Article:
- Director: Peter Watkins
- Writer: Peter Watkins
Considering The Scream fetched a rather high price at auction recently...Munch is in need of a makeover...
The multi-layered soundtrack is, at times, too distracting.
This may sound petty...but, it does detract from the intensity that Watkins builds.
He manages to put Munch's life into a perspective that clarifies his existence in the world-at-large.
But, this is Munch pre-1909 (he died in 1944) - and the film suffers due to the limited time span covered.
Repetition (possibly to convey Munch's constant misery) becomes like a millstone around the neck - dragging the viewer not closer but down into the gloom.
Watkins ignores his later happier life of success - a happy artist has no dramatic value.
The ending is criminal (and lazy)...but, after nearly 3 hours, Watkins is obviously tired of his own film...as is the audience.
It is an interesting, morose and monotonous account that could have easily been cut by an hour without any perceivable damage.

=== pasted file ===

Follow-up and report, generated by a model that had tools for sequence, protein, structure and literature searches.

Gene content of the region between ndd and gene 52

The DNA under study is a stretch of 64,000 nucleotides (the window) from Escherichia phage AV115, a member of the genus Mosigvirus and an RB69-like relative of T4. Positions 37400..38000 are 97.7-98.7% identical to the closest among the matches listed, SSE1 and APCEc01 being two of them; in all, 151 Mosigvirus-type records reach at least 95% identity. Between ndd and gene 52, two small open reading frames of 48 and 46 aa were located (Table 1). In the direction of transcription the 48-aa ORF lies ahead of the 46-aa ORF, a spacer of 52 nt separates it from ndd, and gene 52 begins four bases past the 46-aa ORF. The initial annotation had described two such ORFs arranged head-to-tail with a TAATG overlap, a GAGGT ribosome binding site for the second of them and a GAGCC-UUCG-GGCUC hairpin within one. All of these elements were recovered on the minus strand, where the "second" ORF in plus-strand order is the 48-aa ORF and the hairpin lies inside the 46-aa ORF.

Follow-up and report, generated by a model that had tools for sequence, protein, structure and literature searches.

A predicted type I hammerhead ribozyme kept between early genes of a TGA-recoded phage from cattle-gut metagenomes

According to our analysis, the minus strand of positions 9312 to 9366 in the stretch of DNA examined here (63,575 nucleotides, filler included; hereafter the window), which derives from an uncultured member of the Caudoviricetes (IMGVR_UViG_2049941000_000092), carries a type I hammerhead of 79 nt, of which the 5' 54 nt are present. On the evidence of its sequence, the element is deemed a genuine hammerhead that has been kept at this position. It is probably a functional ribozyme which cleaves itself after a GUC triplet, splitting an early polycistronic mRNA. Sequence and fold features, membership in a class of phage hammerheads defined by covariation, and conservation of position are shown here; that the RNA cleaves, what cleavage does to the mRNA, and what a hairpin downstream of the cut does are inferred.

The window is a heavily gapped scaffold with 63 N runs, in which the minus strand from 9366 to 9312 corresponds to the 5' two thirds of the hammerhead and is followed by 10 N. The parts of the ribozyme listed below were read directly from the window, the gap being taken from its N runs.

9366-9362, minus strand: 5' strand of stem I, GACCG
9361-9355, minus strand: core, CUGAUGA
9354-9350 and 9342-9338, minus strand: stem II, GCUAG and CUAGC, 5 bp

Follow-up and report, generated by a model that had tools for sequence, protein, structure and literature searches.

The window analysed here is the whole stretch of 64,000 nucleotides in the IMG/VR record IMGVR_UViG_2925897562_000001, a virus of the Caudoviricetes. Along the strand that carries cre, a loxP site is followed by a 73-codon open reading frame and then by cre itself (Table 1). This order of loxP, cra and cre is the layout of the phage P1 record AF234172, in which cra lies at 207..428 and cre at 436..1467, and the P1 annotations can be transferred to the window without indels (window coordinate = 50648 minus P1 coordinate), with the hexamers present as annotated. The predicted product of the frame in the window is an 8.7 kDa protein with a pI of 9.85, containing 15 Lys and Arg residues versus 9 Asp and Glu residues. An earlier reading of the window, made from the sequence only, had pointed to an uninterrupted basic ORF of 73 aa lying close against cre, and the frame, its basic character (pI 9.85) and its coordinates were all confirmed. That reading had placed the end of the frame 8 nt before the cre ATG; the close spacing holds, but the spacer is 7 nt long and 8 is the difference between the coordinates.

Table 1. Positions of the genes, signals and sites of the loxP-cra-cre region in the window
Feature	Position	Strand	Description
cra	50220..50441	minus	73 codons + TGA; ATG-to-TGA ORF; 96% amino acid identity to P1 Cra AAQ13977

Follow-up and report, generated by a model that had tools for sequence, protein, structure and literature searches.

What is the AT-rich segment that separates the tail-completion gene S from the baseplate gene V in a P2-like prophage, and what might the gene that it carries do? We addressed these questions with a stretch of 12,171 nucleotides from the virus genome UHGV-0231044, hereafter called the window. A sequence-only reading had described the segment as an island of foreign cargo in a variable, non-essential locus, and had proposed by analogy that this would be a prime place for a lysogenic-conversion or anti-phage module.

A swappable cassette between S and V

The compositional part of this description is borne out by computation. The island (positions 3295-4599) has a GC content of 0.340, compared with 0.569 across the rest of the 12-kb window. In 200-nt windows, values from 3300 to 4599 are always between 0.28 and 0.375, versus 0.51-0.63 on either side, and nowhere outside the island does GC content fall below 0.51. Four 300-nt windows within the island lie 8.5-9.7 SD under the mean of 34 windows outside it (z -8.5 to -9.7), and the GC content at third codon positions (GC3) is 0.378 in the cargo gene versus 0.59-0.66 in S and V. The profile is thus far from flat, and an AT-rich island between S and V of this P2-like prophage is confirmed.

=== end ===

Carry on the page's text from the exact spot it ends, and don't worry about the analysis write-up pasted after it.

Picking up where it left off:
Following a rough chronology from 1884 to 1894, when Norwegian artist Edvard Munch began expressionism and established himself as northern Europe's most maligned and controversial artist, the film also flashes back to the death from consumption of his mother, when he was five, his sister's death, and his near death at 13 from pulmonary disease. The film finds enduring significance in Munch's brief affair with "Mrs. Heiberg" and his participation in the café society of anarchist Hans Jaeger in Christiania and later in Berlin with Strindberg. Through it all comes Munch's melancholy and his desire to render on canvas, cardboard, paper, stone, and wood his innermost feelings.